Gapsquare Solves your Gender Pay and Ethnicity Pay Gap Analysis needs.
Under new laws, companies with over 250 employees will have to publish data about their gender pay gap in 2018. As the discussion grows around why the gender pay gap is still such a pertinent issue for business leaders, so does the confusion about what it is we actually mean by a ‘gender pay gap’. The fact is, the problem, just like all issues of diversity and fairness, is not straightforward. That’s why the team at Gapsquare are working to keep it simple, both in terms of understanding the gender pay gap, and understanding what can be done about it.
This time next year, over 7,960 HR managers and senior executives in the UK will be looking at the April pay data like they’ve never done before. They will be looking through a gender equality lens, grasping the gender pay gap percentage and analysing how it impacts their company.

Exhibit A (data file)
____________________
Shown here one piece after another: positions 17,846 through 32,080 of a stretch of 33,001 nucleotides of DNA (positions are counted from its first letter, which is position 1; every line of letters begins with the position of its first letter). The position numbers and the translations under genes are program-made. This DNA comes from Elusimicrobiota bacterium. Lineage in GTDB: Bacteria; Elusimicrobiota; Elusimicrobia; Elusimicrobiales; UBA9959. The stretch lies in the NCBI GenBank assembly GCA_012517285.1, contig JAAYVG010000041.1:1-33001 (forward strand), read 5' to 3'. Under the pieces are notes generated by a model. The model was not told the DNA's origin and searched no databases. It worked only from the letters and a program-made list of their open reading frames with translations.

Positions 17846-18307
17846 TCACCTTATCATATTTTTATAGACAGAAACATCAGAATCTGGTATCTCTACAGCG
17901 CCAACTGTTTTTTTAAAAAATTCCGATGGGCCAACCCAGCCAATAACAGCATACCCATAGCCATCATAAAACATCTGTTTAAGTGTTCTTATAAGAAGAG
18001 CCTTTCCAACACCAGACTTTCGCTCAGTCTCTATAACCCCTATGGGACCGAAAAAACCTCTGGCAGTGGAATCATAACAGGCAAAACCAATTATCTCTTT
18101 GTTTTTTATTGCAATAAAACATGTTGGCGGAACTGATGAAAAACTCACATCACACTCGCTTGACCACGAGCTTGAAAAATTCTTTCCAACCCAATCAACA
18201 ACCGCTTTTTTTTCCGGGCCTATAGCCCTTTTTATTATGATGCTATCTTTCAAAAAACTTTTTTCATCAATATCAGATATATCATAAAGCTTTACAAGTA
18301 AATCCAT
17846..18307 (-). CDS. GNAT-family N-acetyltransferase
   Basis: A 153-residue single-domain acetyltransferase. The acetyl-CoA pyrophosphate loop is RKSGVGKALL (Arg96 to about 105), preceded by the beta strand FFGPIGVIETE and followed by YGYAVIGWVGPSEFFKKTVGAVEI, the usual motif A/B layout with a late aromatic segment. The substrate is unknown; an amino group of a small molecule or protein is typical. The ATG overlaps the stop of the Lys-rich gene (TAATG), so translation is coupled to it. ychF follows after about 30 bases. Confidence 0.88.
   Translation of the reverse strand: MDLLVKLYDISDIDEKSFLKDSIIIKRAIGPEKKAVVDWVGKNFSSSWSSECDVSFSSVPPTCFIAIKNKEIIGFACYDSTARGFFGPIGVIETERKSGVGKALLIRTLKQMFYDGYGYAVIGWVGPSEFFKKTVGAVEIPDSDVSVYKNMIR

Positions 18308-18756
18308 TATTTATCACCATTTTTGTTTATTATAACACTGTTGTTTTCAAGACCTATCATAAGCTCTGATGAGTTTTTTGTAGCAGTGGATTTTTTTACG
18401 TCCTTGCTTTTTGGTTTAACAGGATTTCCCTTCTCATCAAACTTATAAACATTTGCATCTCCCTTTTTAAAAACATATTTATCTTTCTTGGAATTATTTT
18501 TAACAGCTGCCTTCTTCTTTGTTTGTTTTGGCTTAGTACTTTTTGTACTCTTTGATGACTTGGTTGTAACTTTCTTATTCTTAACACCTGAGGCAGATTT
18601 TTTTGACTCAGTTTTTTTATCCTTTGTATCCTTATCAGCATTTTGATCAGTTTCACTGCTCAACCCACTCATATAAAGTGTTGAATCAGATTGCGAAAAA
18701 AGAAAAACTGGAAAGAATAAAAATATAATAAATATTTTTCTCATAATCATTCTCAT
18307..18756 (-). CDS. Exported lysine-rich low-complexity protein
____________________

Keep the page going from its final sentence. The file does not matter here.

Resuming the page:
This week I had the privilege of speaking with 7 year olds in Bristol as part of Enterprise week. Of all the meetings and events I had planned, this one was one I was looking forward to most.
This year, President Barack Obama is bringing back an issue that was at the heart of the first piece of legislation he ever signed at the White House: the gender pay gap.
As 2016 is fast approaching, so is the government’s major step to tackle the gender gap. In the new year, every company with more than 250 employees will have to publish the difference between the average pay of their male and female employees. Here is what the Prime Minister has to say about it.
A recent report from the Economist Intelligence Unit entitled Big data evolution: forging new corporate capabilities for the long term is looking into the evolution of Big Data and what companies can do to make the most of the data they collect.
Recent research claims that the gender pay gap in the charity sector is higher than the private sector.
Women in Europe experience this everyday, as they face ongoing inequalities and discrimination in the labour market.